The call comes after three new tree and shrub species in the same family as ash (Oleaceae) tested positive for ash dieback (Hymenoscyphus fraxineus) infection at the Westonbirt Arboretum, Gloucestershire.
The findings are unlikely to have a significant impact on the environment as the newly infected species are ornamental and are not widespread or native to the UK.
The infection was identified by staff at the arboretum on mock privet, narrow-leaved mock privet and white fringetree – ornamental trees and shrubs from the Mediterranean and North America. The species were found in close proximity to infected ash trees.
Forest Research, Great Britain's principal organisation for forestry and tree related research, is conducting further tests on the nature of the infection. This includes monitoring other species in the Oleaceae family for susceptibility to H. fraxineus infection. A number of these species have already been tested including Osmanthus and Lilac, but were found to be negative.
UK Chief Plant Health Officer, Professor Nicola Spence, said: “Since 2012, the Government has invested more than £6 million into ash dieback research. These findings highlight the importance of the Forestry Commission’s reporting system, Tree Alert, and of arboreta and other plant collections, which play crucial roles in supporting the UK’s world-leading plant health sector.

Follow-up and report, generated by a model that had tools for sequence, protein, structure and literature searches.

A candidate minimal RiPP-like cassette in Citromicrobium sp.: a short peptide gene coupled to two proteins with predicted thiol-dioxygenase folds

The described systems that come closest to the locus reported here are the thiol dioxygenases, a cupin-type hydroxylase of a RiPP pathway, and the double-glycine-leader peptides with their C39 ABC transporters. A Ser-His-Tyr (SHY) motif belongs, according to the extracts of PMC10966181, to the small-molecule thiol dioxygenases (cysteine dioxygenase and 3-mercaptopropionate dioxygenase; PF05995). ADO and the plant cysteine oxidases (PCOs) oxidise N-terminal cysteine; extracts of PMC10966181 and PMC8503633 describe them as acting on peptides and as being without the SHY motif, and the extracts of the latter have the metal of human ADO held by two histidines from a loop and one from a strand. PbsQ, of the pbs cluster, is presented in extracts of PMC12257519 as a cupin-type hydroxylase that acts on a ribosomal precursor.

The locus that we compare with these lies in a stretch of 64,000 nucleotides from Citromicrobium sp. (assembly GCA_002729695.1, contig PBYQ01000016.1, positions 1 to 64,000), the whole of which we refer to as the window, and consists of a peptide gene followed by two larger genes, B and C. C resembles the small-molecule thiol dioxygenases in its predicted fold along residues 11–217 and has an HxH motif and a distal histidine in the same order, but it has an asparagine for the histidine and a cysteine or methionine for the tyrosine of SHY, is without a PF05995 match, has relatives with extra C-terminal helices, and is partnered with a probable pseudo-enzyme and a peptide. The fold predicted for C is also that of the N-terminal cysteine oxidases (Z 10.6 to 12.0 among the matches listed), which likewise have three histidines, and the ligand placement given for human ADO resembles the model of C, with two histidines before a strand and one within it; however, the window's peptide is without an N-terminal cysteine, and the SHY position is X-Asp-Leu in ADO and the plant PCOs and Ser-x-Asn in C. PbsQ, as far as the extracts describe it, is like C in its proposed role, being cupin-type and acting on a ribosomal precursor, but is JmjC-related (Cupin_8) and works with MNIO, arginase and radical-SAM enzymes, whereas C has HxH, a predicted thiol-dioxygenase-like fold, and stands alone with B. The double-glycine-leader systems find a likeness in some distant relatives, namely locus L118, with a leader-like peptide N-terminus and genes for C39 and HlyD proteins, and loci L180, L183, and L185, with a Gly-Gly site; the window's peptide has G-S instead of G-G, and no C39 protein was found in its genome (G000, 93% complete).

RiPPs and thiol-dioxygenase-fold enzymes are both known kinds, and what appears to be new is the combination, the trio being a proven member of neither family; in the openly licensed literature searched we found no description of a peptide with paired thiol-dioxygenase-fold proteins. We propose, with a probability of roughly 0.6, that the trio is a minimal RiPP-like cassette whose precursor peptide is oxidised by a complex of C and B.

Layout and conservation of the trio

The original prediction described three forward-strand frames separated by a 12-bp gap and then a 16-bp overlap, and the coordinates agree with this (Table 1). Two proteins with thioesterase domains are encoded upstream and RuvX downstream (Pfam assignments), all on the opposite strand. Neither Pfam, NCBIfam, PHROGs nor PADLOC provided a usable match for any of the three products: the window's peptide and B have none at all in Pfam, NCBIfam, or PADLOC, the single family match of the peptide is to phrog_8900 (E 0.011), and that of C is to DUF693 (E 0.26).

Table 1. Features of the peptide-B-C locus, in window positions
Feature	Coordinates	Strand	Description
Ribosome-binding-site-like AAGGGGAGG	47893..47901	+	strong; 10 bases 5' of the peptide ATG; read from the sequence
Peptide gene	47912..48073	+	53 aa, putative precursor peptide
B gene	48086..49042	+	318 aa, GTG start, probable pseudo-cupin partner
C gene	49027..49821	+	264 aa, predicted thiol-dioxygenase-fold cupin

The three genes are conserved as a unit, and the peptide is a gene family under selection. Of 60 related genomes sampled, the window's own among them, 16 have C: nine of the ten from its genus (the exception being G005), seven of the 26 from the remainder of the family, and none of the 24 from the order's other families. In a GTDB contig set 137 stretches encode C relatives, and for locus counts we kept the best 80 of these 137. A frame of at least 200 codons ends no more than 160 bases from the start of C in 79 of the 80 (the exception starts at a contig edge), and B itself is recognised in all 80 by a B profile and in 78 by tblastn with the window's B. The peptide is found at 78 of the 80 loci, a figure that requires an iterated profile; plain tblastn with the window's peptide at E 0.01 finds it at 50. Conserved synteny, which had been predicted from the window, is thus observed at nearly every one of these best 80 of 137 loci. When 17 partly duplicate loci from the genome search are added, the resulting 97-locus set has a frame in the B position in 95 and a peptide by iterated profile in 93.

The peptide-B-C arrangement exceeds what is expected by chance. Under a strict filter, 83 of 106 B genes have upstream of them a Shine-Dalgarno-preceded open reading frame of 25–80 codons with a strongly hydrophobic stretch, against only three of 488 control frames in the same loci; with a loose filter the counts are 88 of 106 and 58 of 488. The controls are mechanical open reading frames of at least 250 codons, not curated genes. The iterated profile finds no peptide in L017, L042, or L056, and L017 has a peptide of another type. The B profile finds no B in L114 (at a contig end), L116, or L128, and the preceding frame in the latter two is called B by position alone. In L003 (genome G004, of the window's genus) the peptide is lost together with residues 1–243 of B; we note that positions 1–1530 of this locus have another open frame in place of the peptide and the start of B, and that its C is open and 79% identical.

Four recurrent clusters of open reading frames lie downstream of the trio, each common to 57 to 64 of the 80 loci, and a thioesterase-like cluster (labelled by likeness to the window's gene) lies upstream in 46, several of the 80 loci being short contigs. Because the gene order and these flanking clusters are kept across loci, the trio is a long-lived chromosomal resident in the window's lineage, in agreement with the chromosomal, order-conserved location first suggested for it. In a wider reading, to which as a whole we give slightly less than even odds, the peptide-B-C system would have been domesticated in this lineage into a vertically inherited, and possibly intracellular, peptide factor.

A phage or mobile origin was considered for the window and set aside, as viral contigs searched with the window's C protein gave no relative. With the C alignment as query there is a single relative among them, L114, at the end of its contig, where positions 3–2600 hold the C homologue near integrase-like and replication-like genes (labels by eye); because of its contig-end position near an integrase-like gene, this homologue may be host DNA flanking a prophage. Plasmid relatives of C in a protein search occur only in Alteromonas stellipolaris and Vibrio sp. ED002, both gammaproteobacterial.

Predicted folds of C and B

“Landscapers, gardeners and tree practitioners should be vigilant for signs of ash dieback on these new host species, and report suspicious findings through Tree Alert.”
Over the last five years the Government has invested in world-leading research to advance understanding of the biology and pathology of the disease, including sequencing the ash genome and the ash dieback fungus. It has also funded the world’s largest screening trial for tolerant trees, raising the possibility of an ash breeding programme in the future.
In May the Environment Secretary launched the first Tree Health Resilience Strategy - the first major publication to come out of the 25-Year Environment Plan. The strategy sets out a new proactive approach to tree health, with landowners, charities, the public and government working together to take actions to build resilience against pests and diseases to protect the nation’s trees.
As part of this approach, a new senior cross-industry Plant Health Alliance to strengthen biosecurity practices across industry has been established, of which the HTA is a member.
Arboreta also continue to play a critical role in supporting work on ash dieback. Research by Forest Research has identified over 30 different ash species being grown in the main arboreta of Britain which will be used in trials to assess tolerance of these species to ash dieback.
Defra and the Forestry Commission continue to work with landowners and local councils, as well as the plant health sector internationally, to share experiences, identify solutions and develop action plans to deal with the impacts of ash dieback.
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